21 June 2020
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Global equities moved higher

Notwithstanding mixed economic data and a surge in new coronavirus infections across economies, global equities managed to end the week higher

By Aditya Pugalia


Notwithstanding mixed economic data and a surge in new coronavirus infections across economies, global equities managed to end the week higher. Central banks remained at the fore in shoring up investor confidence as they continued to expand their balance sheets and ease monetary policy further. The Federal Reserve came through on its earlier promise of buying individual corporate bonds under a facility which had so far purchased only ETFs.

Overall, the MSCI All Country index added +1.8% 5d on the back of strength in most sub-indices. The MSCI G7 index and the MSCI EM index added +2.0% 5d and +1.5% 5d respectively. Volatility eased across markets with the VIX index, the V2X index and the CBOE EM ETF Volatility index dropping -2.7% 5d, -22.2% 5d and -16.4% 5d respectively.

The focus this week will be on first-tier economic data from developed economies and central bank decisions in Turkey and Egypt. Investors will also keep an eye on results from the Fed’s stress tests on US large banks as any restrictions on the ability of banks to pay dividends would depend on the results.

Chart of the week

With equity markets close to erasing their year to date losses, the disconnect between price performance and corporate earnings is becoming stark. US corporate earnings dropped 16% in Q1 2020 and are expected to fall further in Q2 2020. Similarly, consensus forecasts show that the net income margin is expected to drop by 2.2% in 2020 to 9.5%. The net income margin peaked in January 2019 at 12.3%. Price performance generally has a positive correlation to earnings and margins.

Disconnect between fundamentals and price performance warrants caution

Source: Bloomberg

MENA Markets

Regional markets recovered marginally from the losses of the previous week. With regional markets lacking a catalyst of their own, they have started to track the moves in global markets. The S&P Pan Arab Composite index added +1.2% 5d.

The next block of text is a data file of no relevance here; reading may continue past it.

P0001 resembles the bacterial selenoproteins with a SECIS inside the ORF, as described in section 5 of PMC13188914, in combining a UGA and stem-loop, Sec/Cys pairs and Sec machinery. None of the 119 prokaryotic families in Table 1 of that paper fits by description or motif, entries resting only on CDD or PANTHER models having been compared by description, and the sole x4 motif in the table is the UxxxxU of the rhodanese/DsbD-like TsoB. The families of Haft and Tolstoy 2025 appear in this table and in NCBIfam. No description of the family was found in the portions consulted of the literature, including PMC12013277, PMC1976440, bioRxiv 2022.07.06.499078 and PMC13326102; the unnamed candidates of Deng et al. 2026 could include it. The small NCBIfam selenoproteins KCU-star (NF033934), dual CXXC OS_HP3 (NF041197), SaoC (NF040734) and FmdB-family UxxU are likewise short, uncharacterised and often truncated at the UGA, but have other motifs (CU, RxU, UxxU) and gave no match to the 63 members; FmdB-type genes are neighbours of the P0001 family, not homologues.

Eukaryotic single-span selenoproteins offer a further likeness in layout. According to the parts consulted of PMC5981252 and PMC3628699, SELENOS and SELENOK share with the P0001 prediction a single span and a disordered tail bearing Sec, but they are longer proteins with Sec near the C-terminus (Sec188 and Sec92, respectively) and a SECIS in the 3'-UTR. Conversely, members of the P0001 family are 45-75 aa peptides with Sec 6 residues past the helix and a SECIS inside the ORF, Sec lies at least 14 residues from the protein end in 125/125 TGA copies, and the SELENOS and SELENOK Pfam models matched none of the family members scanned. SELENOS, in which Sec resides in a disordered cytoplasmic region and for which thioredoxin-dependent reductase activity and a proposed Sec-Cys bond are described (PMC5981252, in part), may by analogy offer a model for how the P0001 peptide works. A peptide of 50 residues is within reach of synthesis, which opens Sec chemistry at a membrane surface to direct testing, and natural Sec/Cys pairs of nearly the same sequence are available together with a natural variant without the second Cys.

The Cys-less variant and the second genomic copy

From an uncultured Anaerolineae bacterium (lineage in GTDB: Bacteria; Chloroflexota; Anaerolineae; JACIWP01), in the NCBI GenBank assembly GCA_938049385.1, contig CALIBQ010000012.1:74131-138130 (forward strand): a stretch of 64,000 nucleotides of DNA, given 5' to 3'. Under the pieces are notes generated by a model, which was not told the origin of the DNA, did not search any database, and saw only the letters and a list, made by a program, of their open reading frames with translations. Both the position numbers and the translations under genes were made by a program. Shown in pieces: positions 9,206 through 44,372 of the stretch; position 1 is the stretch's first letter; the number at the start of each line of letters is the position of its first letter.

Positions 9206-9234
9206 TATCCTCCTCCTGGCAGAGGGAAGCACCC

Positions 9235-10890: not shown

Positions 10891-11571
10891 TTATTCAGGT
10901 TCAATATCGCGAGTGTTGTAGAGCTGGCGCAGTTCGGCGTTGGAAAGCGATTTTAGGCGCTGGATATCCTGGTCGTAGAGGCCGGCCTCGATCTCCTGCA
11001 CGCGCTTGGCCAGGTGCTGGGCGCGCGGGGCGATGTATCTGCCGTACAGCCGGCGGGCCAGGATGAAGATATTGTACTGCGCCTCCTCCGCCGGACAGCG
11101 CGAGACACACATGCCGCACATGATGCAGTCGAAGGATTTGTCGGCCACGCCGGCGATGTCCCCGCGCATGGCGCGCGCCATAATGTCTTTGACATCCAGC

Aldar Properties added +3.5% 5d amid reports that Mubadala Investment Co is weighing the sale of a mall and other real estate assets including Abu Dhabi Global Market district to the company. If the deal fructifies then it would add to Aldar’s asset management business and improve its recurring income stream.

Elsewhere, Saudi Arabia moved into the final phase of easing as starting this week the country lifted restrictions on movement and allowed resumption of all commercial activities. However, international activities continue to be banned. The Tadawul ended last week with gains of +0.6%.

Developed Markets

Developed market equities closed higher as investors turned their focus again on positives and largely shrugged off any indications of a renewed surge in the viral outbreak or warnings over economic outlook. The Bank of England added GBP 100bn to their bond buying program citing risk of ‘higher and persistent unemployment’ with repercussions for economic growth and inflation. Further, at the EU’s first debate no consensus was reached on the proposed EUR 750bn economic recovery plan. With little progress made at this meeting, leaders agreed to meet next month in person to reach an agreement.

Overall, the S&P 500 index, the Euro Stoxx 600 index and the Nikkei index added +1.9% 5d, +3.2% 5d and +0.8% 5d respectively. The trend of European equities outperforming their developed market peers continued with the Euro Stoxx 50 index now adding +12.5% 1m compared to gains of +6.1% 1m in the MSCI G7 index.

Emerging Markets

Emerging market equities closed higher but underperformed the broader index. The MSCI EM index added +1.5% 5d compared to gains of +2.1% 5d in the MSCI World index. BRIC indices outperformed despite hostility between India and China on their borders. The MSCI BRIC index added +2.4% 5d with India’s Nifty index and China’s Shanghai Composite index rallying +2.7% 5d and +1.6% 5d respectively.

Elsewhere, central banks in Brazil, Indonesia and Russia cut interest rates. These central banks left the door open for more monetary easing. Another notable outperformer was Turkish stocks. The Istanbul 100 index gained +3.4% 5d to trim its year to date losses to only -0.7%. It is worth highlighting that Turkish equities saw net inflows from foreign investors for the first time in five months. According to data from Turkey’s Central Bank, foreign investors bought stocks worth USD 50mn in the week ended 12 June 2020.

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Written By

Aditya Pugalia Research Analyst

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